A few years ago, someone asked me if there would be value in creating some kind of universal trail grading system for running trails in the same way rock climbing routes were rated.
Yes, for sure, I thought, but how could you ever organize that and pull it off?
Naturally, there’s an app for that now.
Enter Trail Run Project, a growing database of trails with specific user experience information about running—as opposed to hiking or mountain biking—that has been supplied by runners. Trail descriptions and ratings generated by users are a key part of the system.
Trail Run Project, which launched a few weeks ago, is the latest creation from a small Boulder, Colo., startup called Adventure Projects and it essentially puts interactive digital mapping and guide services at your fingertips via its website and mobile app. The company started the leading rock climbing digital route database, Mountain Project, and has also recently created similar services for mountain biking, backcountry skiing and hiking.
Although company co-founder Nick Wilder admits the surface has barely been scratched when it comes to what he thinks Trail Run Project will be when fully built out, the amount of detail for the trails already in the system is amazing and unparalleled in the trail running community.
Wilder, an avid trail runner, says he started the original climbing site as a hobby and because he felt there was a need for a modern digitally enhanced service. When it came to mountain biking and running, he knew the trail information would need to be specific to each sport.
“We really believe these sports deserve a dedicated site,” Wilder says. “The community gets built and the people think about these sports differently—hikers, runners, climbers, mountain bikers. A lot of people do a lot of those sports, but when they’re in that mode they want to get information and ratings from the community of those sports.”
The American Trail Running Association (ATRA) has formed a partnership with Trail Run Project to allow ATRA website users to search for trails in its new Find a Trail feature.
To date, TRP has about 3,500 U.S. trail descriptions (covering more than 15,000 miles of running trails) that have been seeded by users and vetted and edited by TRP staffers. (There is a growing number of international trails in the system too.) It offers guidebook-quality trail information with modern features like GPS route finding, offline mapping and the ability to take a virtual run.
Each trail description includes a brief overview, local-generated “need to know” information, an extensive trail description, trail maps and several user-uploaded photos. Also included for every trail are elevation metrics (starting point, high point, average grade, etc.), user comments, a link to Google Maps for trailhead directions and recommendations of other nearby trails.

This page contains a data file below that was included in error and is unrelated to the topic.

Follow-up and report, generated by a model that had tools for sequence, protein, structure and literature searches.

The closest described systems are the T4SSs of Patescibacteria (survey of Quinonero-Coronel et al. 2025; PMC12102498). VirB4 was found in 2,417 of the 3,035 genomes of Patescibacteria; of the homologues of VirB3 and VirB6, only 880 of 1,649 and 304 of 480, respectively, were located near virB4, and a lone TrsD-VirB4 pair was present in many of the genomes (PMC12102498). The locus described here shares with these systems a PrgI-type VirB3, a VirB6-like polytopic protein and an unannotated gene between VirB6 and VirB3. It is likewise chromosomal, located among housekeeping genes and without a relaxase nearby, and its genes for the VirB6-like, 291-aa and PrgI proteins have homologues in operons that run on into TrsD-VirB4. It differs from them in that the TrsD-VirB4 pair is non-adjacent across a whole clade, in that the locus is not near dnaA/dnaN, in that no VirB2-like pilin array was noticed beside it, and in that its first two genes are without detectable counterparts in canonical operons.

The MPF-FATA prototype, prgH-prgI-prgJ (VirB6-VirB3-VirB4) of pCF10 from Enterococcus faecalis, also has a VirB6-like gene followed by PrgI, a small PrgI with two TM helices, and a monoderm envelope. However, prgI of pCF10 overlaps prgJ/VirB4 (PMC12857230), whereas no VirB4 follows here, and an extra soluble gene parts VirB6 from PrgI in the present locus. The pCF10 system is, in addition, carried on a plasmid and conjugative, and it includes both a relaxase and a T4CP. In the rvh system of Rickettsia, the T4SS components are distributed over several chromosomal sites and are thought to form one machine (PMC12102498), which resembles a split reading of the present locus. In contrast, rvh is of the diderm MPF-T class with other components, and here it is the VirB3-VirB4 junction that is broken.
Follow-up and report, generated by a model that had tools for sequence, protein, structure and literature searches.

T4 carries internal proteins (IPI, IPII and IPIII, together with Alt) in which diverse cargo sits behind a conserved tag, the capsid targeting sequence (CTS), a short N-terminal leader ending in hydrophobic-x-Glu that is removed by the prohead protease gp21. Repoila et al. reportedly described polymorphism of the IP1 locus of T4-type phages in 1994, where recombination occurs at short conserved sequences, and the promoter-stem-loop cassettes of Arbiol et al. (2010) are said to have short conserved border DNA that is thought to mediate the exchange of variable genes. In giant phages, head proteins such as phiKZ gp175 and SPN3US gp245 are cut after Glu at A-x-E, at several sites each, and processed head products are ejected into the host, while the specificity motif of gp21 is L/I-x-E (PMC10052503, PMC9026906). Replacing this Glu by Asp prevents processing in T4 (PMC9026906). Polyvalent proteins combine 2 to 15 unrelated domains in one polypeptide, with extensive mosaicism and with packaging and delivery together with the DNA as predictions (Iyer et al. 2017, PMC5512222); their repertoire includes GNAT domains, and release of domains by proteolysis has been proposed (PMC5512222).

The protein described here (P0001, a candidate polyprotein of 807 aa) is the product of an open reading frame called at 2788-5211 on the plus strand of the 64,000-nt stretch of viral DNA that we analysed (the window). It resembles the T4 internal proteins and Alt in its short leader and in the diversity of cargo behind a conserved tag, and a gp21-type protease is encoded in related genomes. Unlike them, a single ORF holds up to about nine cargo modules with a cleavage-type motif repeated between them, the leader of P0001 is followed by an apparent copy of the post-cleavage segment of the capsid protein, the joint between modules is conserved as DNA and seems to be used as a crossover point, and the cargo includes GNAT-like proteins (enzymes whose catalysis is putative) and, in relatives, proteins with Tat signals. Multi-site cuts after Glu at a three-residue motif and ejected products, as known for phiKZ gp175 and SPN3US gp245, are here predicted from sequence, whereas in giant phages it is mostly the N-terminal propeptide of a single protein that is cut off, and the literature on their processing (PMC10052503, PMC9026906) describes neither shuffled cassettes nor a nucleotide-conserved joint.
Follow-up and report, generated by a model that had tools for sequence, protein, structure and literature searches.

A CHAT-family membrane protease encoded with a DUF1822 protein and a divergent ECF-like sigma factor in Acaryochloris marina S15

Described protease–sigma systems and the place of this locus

“When you look at a description, you can tell it’s not generic. Somebody who really cares about this went out and ran that trail and then wrote about their experience,” says Wilder, a software engineer who is an avid trail runner, rock climber and mountain biker. “It means there is some variation from trail to trail, but we think that’s kind of cool, too.”
Like the Mountain Project (with more than 126,000 rock climbing routes) and the MTB Project (with more 11,500 trails covering 41,000 miles), Trail Run Project is a free service.
Although some of the software and mapping tools are similar to those used in MTB Project, the content inside Trail Run Project is entirely running-specific. For example, every trail is rated by a median score of runners and represented in the three-their system borrowed from skiing and mountain biking—green circles for easiest, blue squares for intermediate and black diamonds for advanced. There is also something called the “runability index” which breaks runs into numerous segments and calculates a score based on each segment’s length and steepness. Runners also get the chance to score each trail in the TRP’s five-star rating system, which helps offer strong suggestions of favorite local trails.
TRP also features a rapidly growing race directory, giving competitors the opportunity to take virtual runs of courses and plan their racing season.
“We’re essentially guide sites right now,” he says. “We help you find places you want to go run and when you’re out there, we keep you on track so you don’t get lost.”
Wilder says the company will spend the next six months filling in content with help from new users—so far Colorado, Utah, Arizona, Oregon, Washington and California have the most trail descriptions—but he’s interested in developing Trail Run Project into a third phase. While apps like Strava, FitBit and Run Tracker can track activity, he says he wants the Adventure Project sites to become a leader in “fun tracking.” Instead of just running pace and data, Wilder says he’d like his sites to become somewhat of a “fun hub.”
“It’s more about the community and social sharing aspects of these sports,” he says. “A little bit more Facebooky and a little less competitive. When you have good tools and get excited to get out there, you spend more time doing your sport. Motivation and inspiration are things we can really help with.”